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Danger of Disposable Diapers

By and on March 21, 2013
Screen shot 2013 03 21 at 3.03.56 PM 300x336 - Danger of Disposable Diapers

Young or old, most people will use diapers at some point in their lives. Among diaper users are millions of babies, handicapped people, truck drivers, casino goers, surgeons, and the elderly. This totals around 40 million users of diapers in North America alone. With all the consumer safety guidelines it seems that if they are available for sale they must be safe, right? Everything on the market is so heavily regulated for safety and contents; however diapers seem to have escaped any real scrutiny.

Almost every medical, baby and health product on the market is licenced, tested, regulated or controlled in some way. It seems that every year numerous products are recalled from the shelf. Each product has detailed ingredients and content information so that consumers can discern what the purest and cleanest products are for their loved ones. This includes food, cosmetics, textiles and even baby wipes. However, there is one gaping hole in this type of disclosure and that is with disposable diapers. There seems to be no disclosure as to what is in the standard disposable diaper and this includes  "flushable," and "eco-friendly" alternatives. It is high time a little of this information is brought to light.


The wonder of disposables lies in a chemical called sodium polyacrylate. This powdery chemical instantly absorbs water upon contact and turns into a crystal like gel. The long term effects of these gels are unknown. This has somehow translated to claims of safety. Unfortunately, this may be far from the truth.

As with most single use items, diapers are designed to hold up for a few hours and are constructed of thin layers of materials. This means the absorbent gel rarely stays contained within the diaper. It can often make its way onto the skin. It looks like sugar and is often mistaken as excrement.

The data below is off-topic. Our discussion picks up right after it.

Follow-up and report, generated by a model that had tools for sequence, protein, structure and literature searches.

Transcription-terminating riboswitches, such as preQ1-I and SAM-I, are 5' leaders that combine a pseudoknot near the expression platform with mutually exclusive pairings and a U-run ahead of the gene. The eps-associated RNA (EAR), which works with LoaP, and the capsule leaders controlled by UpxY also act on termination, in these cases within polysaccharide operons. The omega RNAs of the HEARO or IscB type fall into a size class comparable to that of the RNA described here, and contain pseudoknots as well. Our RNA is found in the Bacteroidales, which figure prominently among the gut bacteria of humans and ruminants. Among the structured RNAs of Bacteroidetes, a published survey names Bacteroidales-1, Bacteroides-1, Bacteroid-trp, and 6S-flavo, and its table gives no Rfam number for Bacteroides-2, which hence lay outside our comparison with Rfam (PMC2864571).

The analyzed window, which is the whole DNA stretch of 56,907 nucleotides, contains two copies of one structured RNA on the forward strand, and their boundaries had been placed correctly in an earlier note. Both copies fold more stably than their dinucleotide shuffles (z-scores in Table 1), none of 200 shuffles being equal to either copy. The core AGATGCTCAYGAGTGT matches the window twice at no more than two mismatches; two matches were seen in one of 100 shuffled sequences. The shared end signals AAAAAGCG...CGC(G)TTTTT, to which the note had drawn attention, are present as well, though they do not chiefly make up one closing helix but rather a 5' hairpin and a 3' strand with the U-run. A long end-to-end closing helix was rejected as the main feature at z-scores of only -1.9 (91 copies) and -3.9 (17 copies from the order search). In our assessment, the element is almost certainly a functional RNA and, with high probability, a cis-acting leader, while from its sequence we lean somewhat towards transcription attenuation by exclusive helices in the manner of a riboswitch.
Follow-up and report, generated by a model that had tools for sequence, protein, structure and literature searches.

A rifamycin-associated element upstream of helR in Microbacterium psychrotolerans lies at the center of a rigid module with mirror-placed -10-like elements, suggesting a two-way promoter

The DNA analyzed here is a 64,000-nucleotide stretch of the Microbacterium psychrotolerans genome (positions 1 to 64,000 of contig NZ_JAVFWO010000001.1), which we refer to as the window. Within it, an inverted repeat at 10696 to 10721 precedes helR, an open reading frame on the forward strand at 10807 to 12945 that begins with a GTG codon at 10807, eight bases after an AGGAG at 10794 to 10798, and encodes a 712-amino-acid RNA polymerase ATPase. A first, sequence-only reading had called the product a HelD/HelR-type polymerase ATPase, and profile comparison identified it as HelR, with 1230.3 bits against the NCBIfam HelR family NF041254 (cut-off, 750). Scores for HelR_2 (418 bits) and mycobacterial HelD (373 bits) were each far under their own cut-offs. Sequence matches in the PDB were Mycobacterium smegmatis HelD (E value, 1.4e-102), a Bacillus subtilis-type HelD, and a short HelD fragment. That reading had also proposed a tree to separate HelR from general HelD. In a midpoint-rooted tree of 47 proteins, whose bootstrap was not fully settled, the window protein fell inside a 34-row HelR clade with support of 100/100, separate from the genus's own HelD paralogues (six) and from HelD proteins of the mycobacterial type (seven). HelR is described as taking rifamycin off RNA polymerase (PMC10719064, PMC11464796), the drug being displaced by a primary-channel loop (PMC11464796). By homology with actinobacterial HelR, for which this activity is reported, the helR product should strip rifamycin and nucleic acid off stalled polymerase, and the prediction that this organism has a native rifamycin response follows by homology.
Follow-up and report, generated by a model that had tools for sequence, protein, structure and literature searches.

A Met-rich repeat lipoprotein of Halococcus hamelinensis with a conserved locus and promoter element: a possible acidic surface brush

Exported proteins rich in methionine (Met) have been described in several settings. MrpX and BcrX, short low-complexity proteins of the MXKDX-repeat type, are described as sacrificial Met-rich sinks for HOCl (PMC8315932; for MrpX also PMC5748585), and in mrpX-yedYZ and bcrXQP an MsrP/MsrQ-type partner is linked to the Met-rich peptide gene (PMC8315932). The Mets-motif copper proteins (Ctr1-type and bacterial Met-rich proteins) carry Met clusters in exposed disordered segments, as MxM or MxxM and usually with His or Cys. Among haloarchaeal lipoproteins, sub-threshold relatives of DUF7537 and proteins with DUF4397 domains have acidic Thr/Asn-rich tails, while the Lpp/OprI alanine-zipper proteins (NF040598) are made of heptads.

This gel has been linked to allergic reactions, severe irritation, asthma, oozing blood from the perineum and sacral areas, fever, vomiting and staph infections. It was banned from use in tampons in 1985, due to its link to toxic shock syndrome. It is toxic to digest. People in factories who manufacture these diapers suffer from many complaints. Slow healing, fatigue, weight loss top the list.


Chlorine is also found in disposable diapers. It breaks down bacteria, oils and is a skin irritant. It's even been associated with skin rashes like eczema. Several studies have also linked chlorine and chlorinated by-products to various forms of cancer.

Unfortunately, the list does not end here. Dioxin, a highly toxic pollutant, is a by-product of the paper bleaching process which uses chlorine gas and is present in disposable diapers. This is how they obtain their super bright white colour. Dioxin is among the most toxic chemicals known to science. It is a well-known cancer causing carcinogen. It has been especially linked to testicular cancer. The EPA (US Environmental Protection Agency) lists it as the most toxic of all cancer linked chemicals. According to the EPA report, there appear to be no safe level of exposure to dioxin. Even in small quantities dioxin causes birth defects, severe reproductive and developmental problems. Dioxin has been banned for environmental use in the U.S. since 1976 and is among the "dirty dozen" toxic chemicals named for global phase-out under a United Nations Convention signed by the US.


The next chemical is TBT (Tributyltin). TBT compounds are considered highly toxic chemicals which have negative effects on humans and the environment. TBT is a highly persistent organic pollutant. It is best known for its contamination to marine life which has caused irreversible damage. TBT has also been liked to obesity in humans, as it triggers genes that cause the growth of fat cells.

You know the old saying that if it sounds too good to be true, it probably is. Disposable diapers happen to fall into this category. The chemicals are just the tip of the iceberg when it comes to the long term impact of disposables.3


Laurie Diwakar, BA is a mother of three with more than 11 years of experience in the natural health industry. As a motivated entrepreneur she has committed the last five years to developing and testing products that work for you, your family and the environment. Get some washable gear for Rearz! For more information on cloth diapers visit www.rearz.ca or www.nhdcana

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